The Oseberg field centre in the Norwegian continental shelf. Photo: Harald Petterson/Statoil
Dagens Naerinsliv, citing a labour representative, said the cuts would hit engineering staff, particularly those drilling and maintaining wells, as well as administrative staff.
"We are working on reinforcing the productivity within the company and that could have consequences in terms of jobs but it is too early to speculate on their number," Statoil spokesman Jannik Lindbaek told AFP.
The cuts are part of a programme to generate $1.7 billion in annual savings from 2016 that Statoil announced last year when oil prices were still above $100 per barrel.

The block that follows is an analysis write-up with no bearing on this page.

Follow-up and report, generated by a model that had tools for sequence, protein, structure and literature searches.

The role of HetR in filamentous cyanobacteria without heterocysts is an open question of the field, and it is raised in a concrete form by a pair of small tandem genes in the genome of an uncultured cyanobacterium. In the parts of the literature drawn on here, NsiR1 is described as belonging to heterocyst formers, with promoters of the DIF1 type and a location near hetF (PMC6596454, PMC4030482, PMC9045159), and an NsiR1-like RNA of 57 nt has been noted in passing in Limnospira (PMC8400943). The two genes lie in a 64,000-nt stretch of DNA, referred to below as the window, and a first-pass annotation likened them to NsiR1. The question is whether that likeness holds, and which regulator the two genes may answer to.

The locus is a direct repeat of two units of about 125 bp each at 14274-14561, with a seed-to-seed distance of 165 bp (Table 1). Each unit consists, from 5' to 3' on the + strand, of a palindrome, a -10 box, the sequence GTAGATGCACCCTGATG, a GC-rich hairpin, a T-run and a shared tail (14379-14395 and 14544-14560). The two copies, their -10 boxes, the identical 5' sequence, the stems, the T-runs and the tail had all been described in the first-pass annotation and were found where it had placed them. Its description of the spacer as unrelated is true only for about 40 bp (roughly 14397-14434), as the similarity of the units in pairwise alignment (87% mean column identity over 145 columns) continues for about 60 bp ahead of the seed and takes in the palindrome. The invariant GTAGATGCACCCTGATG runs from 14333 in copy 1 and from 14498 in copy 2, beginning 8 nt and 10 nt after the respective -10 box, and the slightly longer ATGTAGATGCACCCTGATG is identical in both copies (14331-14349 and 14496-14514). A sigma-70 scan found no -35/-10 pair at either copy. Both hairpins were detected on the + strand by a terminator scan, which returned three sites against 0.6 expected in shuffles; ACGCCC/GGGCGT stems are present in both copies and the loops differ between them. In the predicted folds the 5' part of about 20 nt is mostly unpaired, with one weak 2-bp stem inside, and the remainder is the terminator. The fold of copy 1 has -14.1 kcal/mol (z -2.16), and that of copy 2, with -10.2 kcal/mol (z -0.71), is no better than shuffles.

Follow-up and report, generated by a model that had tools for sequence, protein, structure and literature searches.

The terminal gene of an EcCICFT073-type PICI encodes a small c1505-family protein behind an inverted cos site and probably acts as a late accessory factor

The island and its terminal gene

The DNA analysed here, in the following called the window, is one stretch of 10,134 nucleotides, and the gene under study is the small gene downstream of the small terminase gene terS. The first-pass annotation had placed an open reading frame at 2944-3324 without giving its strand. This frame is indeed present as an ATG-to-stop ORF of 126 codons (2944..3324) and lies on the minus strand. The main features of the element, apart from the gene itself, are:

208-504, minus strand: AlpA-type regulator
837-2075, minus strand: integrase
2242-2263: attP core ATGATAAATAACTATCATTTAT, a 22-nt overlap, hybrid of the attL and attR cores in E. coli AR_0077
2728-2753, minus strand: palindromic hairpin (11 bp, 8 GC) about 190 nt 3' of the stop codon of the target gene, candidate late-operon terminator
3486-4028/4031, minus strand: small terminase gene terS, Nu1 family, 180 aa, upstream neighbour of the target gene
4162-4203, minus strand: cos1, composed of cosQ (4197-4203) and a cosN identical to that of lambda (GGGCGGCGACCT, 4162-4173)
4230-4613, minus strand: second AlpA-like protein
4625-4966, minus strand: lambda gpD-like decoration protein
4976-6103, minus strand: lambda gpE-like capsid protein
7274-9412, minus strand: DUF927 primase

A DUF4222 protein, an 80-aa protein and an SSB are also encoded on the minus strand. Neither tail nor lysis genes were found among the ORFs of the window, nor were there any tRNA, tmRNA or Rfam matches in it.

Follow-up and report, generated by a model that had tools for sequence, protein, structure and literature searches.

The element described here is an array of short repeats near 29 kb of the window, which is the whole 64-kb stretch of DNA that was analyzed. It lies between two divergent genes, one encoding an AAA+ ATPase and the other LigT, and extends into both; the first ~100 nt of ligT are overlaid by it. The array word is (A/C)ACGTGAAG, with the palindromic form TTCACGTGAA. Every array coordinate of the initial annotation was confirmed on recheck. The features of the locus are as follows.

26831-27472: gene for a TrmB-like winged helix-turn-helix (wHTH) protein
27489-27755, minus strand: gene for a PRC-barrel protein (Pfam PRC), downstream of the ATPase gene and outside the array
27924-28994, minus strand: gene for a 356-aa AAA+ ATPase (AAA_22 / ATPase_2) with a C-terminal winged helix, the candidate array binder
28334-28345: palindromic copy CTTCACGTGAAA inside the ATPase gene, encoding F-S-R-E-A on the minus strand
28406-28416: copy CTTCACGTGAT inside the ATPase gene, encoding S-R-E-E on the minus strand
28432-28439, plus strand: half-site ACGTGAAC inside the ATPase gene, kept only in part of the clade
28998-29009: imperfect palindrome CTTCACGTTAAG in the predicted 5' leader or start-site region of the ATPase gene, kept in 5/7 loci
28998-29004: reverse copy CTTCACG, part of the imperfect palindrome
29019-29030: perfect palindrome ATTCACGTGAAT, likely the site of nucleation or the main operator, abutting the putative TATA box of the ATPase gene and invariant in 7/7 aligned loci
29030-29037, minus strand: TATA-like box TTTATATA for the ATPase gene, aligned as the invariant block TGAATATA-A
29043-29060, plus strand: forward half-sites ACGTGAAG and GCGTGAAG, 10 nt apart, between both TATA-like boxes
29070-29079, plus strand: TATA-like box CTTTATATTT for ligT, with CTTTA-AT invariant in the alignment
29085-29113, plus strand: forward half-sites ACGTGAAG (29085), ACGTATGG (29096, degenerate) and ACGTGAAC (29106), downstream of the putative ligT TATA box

Oil prices have since fallen to under $50 per barrel, pushing energy companies to accelerate cost-cutting measures and suspend or scale back investment.
In February, when it announced annual profits had been slashed in half due to tumbling oil prices and heavy write-downs, Statoil also announced a 10 percent cut in its $20 billion-investment budget for this year.
Statoil, which went into the red in the second half of the year, also warned in February that an 8 percent cut in staff levels last year to 22,500 could be followed by further staff reductions.